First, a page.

Merguez Bulk Sausage

I followed the technique for making bulk sausage from Charcuterie and formed the meat into small patties, or keftas. As for the spices, I concocted a heady mix of harissa, coriander, cumin, fennel and sumac. If needed, I planned to add lamb fat rather than pork fat, since the merguez I ate in France were Halaal. This proved unnecessary, however, since lamb shoulder provided enough fat for my taste.

1 teaspoon fennel seed
1 teaspoon coriander seed
1 teaspoon cumin seed
2 garlic cloves, minced
2 tablespoons harissa paste
2 teaspoons salt
1 teaspoon sumac
1/2 teaspoon cayenne
1/2 teaspoon black pepper
1 pound ground lamb shoulder
Olive oil

Toast fennel, coriander and cumin seeds in a small pan over medium heat until fragrant, 1 minute. Transfer to a mortar with pestle or spice grinder, and grind until fine. Combine in a bowl with all of the remaining ingredients except the lamb. Stir to form a paste. Add lamb and thoroughly mix together with your hands. Form into 1 1/2 inch patties. Cover and refrigerate at least 2 hours or overnight.
Heat 1 tablespoon olive oil in a skillet over medium high heat. Add patties, without overcrowding, in batches. Cook, turning once, until brown on both sides. Transfer to a plate lined with a paper towel and keep warm. Repeat with remaining patties.
Serve with pita bread, harissa sauce, Greek style yogurt and fresh mint leaves.

What is Charcutepalooza?
An inspirational idea hatched by Cathy Barrow and Kim Foster and partnering with Food52 and Punk Domestics. It celebrates a Year in Meat, where participating foodies and bloggers will cure, smoke and salt their way through Michael Ruhlman’s bestselling cookbook Charcuterie.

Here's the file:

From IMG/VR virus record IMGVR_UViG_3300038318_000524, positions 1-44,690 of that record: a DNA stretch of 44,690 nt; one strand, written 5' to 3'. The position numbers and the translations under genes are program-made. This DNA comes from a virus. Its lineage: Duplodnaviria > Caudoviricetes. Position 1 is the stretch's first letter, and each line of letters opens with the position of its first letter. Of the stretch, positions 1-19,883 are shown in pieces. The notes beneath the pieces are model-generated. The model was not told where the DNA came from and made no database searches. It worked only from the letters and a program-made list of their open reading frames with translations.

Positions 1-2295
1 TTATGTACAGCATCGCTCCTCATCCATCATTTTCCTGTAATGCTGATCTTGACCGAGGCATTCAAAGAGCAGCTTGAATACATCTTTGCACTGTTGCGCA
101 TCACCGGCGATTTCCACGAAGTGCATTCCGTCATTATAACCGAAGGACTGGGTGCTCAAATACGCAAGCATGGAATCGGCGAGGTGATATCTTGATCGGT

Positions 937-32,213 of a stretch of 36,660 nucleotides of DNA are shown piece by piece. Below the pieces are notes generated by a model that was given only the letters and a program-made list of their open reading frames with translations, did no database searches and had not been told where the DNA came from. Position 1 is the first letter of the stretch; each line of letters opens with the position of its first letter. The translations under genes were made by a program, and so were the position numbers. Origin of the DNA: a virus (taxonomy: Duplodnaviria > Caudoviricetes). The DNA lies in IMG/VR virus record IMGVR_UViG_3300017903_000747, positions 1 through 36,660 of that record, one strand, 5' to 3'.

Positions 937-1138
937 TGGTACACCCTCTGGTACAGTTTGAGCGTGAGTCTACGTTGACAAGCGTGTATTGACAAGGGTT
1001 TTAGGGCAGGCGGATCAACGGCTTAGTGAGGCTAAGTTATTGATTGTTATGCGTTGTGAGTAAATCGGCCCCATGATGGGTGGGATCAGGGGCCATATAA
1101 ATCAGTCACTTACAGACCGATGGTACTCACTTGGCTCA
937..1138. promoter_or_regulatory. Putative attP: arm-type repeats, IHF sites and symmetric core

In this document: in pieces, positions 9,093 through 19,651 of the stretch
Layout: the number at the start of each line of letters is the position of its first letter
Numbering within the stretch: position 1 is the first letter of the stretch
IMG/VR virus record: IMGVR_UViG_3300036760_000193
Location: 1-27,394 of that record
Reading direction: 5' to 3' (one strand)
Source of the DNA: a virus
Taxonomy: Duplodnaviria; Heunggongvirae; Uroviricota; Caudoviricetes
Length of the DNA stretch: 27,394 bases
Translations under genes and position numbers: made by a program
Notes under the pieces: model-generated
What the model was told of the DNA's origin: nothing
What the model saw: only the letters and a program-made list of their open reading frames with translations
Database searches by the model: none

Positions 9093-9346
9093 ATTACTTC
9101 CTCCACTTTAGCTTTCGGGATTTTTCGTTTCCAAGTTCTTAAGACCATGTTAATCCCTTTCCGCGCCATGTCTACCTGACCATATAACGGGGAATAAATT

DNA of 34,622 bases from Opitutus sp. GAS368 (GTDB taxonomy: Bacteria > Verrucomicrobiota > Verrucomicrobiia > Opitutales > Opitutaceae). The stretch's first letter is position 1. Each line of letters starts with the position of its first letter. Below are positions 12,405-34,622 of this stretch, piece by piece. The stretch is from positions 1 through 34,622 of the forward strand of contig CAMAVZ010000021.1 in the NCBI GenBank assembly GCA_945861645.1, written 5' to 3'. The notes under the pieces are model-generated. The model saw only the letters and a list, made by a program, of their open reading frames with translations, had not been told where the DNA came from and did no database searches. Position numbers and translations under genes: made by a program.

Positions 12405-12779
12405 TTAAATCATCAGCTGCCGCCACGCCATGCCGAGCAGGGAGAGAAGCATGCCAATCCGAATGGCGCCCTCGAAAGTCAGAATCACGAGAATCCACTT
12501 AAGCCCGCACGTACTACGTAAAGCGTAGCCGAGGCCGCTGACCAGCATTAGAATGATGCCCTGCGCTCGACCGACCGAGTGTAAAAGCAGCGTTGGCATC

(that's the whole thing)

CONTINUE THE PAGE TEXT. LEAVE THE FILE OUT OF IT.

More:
Porcini and Rosemary Crusted Lamb Loin Chops

Crushed dried porcini mushrooms tossed together with finely chopped rosemary create an umami-rich crust for meat. This is a method I often use with beef. Then a good friend told me about a similar recipe she loves with lamb. So I had to try – especially since spring is the season for lamb.

I used a food processor to blitz the mushrooms before continuing to chop them by hand with the rosemary, resulting in a coarser rub. A spice grinder will create a finer crust.

Porcini and Rosemary Crusted Lamb Loin Chops

This recipe is also delicious prepared on the grill. Makes 8.

8 lamb loin chops, each about 1 inch thick
Sea salt
Freshly ground black pepper
3 tablespoons olive oil, divided
1 large garlic clove, minced
1/4 cup finely ground dried porcini mushrooms
1 tablespoon finely chopped rosemary leaves

Season the lamb with salt and pepper. Combine 2 tablespoons oil and the garlic in a bowl and smear all over the lamb. Cover with plastic wrap and refrigerate for at least 2 hours or overnight.
Thirty minutes before roasting, remove the lamb from the refrigerator. Combine the mushrooms and rosemary in a small bowl. Coat both sides of the lamb with the rub and let stand at room temperature for 30 minutes.
Preheat the oven to 375°F (190°C). Heat 1 tablespoon oil over medium-high heat in a large ovenproof skillet. Add the lamb to the pan without overcrowding. Cook until brown on both sides, 3 to 4 minutes per side. Transfer the skillet to oven. Bake until cooked to your desired doneness, about 10 minutes for medium-rare. Remove from the oven, tent with foil, and let rest 15 minutes before serving